Like the “best film directors” (a somewhat good comparison, except for films have much less input from the grips and cameramen in how the film is designed), any “list” will be flawed, and the method chosen to make that list subject to opinion, not fact 🙂

  7. Fran permalink
    March 9, 2009 12:13 pm

    It’s not about the games they made…it’s about the sweeping changes they initiated. I thought of major industry-changers and then work backwards to who they’re attributed to.

    Turn-based strategic gaming has somehow become mass market and surely Will Wright had something to do with this, but there must be others.

    Casual gaming often means abstract puzzle games and surely that is partly attributable to Pajitnov.

    MMOs? Music games? Shooters? I guess those are less attributable to a single household name.

  8. Dan Menard permalink
    March 9, 2009 12:34 pm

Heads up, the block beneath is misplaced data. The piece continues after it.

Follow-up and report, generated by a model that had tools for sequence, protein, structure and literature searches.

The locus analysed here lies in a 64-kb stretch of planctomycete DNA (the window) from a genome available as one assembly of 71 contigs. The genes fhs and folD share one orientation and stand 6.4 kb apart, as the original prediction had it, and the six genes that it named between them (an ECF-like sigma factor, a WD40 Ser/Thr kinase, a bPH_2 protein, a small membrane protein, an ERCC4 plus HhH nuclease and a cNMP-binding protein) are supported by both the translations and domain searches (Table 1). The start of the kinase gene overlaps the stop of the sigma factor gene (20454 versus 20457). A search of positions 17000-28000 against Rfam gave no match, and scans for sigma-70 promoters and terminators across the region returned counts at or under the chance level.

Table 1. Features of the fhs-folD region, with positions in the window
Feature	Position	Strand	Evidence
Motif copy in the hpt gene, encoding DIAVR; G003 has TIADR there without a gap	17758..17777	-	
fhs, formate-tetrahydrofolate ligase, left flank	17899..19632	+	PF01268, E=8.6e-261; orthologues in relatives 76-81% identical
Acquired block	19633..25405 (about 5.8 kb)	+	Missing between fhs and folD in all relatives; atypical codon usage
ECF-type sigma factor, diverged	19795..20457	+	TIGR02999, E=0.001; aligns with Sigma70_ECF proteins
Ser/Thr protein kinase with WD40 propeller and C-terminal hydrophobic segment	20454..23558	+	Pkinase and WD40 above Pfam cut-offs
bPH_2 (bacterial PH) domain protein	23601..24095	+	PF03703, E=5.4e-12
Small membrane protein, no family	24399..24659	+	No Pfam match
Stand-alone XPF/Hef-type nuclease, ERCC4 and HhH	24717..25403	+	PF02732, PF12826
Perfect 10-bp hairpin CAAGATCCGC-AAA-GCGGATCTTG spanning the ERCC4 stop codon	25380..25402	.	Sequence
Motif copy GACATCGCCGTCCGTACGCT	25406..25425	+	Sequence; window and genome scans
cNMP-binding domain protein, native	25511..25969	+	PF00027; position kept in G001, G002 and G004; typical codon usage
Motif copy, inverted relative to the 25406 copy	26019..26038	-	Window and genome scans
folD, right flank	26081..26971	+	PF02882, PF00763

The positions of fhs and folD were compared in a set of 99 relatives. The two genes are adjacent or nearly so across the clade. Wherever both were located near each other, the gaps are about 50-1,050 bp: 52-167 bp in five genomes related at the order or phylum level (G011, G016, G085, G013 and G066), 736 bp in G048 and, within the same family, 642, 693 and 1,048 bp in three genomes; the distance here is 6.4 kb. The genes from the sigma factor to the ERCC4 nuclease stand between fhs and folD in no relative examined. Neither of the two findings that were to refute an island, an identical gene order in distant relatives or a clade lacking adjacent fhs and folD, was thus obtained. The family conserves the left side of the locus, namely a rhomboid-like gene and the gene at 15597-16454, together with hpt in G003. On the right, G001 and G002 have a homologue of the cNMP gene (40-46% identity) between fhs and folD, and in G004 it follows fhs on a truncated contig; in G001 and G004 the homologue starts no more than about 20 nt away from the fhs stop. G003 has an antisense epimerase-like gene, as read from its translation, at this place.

I agree with Miyamoto, Sid Meier being 1 and 2. Then I think there is a six person tie for third. Among Will Wright, David Jaffe, and Clint Hocking, Cliff B has to be high on the list because designing a cover system successfully so that almost every other shooter has implemented it is impressive. Rob Pardo also has to included for his work on two genres, strategy games and MMORPG’s, with all his great games. Hideo Kojima, though he is more of a director, I think should be thrown into this conversation for one of the earliest designers of the stealth action game. He also one of the few designers/directors to bring in a strong story with “solid” characters, something video games need to do more often.